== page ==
Valeria G
What is the difference between "ain't and isn't"? And how to use it
Jun 20, 2019 6:26 AM
Answers · 3
“Ain’t” is deprecated, that is, it is not accepted in the standard language (although you'll hear it a lot in music). Especially in American English, “ain’t” is considered to be “uneducated”, and learners should not even consider using “ain’t” unless and until they find that all their native speaker friends use it. Originally, “ain’t” was the contraction of “am not”, but nowadays in non-standard English “ain’t” can be used as: am not, is not, are not, and sometimes has not and have not. Note: since standard English has no contraction for “am not”, you’ll often hear “aren’t I” used in questions, especially tag questions. This is considered normal these days, although you may want to say “am I not” in formal situations. Personally, I always say “am I not”, but that’s a bit idiosyncratic :)
June 20, 2019
Yes, like Phil says, don't use "ain't" unless native speakers are using it around you AND you want to mimic them. Very rare to hear it (if ever) by native UK English adult speakers. And I never heard it any more when I was in Canada where English is more a mix of UK English and NA English). When you say it many people will not like it. It doesn't sound good and people may think you "uneducated". If you have a strong native English accent, they may put it down to where you come from and not care so much. But a non-native speaker using it, they may not be as forgiving.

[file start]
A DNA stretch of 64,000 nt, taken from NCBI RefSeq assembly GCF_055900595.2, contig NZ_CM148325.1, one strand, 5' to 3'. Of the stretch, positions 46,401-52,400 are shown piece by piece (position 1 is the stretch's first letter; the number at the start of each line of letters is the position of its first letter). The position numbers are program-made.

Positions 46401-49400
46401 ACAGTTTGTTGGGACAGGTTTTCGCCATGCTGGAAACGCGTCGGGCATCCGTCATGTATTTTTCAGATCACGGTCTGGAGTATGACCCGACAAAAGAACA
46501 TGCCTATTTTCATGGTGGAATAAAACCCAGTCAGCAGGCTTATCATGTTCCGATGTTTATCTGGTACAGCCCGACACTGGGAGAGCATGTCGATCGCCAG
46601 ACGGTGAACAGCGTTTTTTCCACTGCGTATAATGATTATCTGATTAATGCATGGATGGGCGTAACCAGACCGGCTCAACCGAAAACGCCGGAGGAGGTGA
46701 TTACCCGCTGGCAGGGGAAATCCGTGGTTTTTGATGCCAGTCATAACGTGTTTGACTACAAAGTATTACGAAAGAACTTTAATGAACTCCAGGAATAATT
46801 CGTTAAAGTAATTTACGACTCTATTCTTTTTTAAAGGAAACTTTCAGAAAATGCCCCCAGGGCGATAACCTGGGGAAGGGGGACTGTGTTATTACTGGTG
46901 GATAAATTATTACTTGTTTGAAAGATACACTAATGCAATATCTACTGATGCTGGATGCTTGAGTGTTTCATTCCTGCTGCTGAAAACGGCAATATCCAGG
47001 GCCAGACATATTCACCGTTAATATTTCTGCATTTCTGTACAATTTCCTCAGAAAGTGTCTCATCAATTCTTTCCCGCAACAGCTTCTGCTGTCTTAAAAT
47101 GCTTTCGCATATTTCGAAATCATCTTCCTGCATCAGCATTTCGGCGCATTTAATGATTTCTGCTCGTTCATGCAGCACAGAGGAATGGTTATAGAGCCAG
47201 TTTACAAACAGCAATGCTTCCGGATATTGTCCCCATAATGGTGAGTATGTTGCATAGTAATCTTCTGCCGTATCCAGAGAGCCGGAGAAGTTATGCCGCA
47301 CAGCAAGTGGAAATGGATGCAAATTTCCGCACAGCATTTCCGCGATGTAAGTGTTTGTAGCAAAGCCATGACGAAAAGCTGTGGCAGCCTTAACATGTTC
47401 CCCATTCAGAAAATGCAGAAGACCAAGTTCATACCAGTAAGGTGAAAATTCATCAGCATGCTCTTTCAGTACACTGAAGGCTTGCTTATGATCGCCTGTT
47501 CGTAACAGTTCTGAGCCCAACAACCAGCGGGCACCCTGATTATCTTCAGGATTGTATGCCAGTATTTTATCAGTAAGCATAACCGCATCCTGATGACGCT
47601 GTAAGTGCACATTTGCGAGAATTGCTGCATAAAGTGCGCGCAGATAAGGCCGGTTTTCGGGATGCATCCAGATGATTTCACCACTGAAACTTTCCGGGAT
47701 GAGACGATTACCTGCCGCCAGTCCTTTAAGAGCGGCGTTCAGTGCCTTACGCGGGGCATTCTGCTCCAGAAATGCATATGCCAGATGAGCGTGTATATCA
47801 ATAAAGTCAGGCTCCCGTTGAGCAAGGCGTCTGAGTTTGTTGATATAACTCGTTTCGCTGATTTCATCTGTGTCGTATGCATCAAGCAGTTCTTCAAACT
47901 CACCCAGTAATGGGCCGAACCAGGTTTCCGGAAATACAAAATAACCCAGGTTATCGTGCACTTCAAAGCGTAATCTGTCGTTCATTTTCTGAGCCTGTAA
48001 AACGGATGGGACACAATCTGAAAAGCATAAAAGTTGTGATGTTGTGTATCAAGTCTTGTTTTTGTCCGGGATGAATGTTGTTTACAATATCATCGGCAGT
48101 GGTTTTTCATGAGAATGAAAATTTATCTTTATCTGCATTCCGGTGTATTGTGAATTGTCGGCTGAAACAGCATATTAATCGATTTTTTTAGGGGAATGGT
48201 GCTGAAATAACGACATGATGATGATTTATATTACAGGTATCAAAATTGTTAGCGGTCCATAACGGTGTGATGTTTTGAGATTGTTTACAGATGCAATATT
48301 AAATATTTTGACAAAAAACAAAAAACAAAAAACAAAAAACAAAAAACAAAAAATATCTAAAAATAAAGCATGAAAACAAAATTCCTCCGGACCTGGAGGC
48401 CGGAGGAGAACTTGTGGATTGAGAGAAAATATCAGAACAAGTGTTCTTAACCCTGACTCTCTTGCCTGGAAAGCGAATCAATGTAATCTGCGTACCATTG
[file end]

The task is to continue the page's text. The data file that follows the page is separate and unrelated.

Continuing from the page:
June 20, 2019
The difference is education ... A fuller answer : think of it as poetry, useful for songwriters for rhyme and scansion, but not really for borrowing yourself. The "full story", of course, is more complex. It''s a feature of English native speaker cultures, I think, that there is often proud resistance to the "dominant elite", expressed through many kinds of accents, dialects and behaviour in opposition to what used to be the old ruling classes. Many people using "ain't" and many other non-standard usages and idioms are in fact highly educated, and fully aware that "The Man", the dominant culture, doesn't like it. The choice of language is part of a declaration of cultural identity - I am with the people, and not with the aristocracy, the grammar Nazis, the ruling classes, the power elite. Still, it's another word to know about, but probably to avoid using too much yourself until you are sure you know what you are doing :)
June 20, 2019
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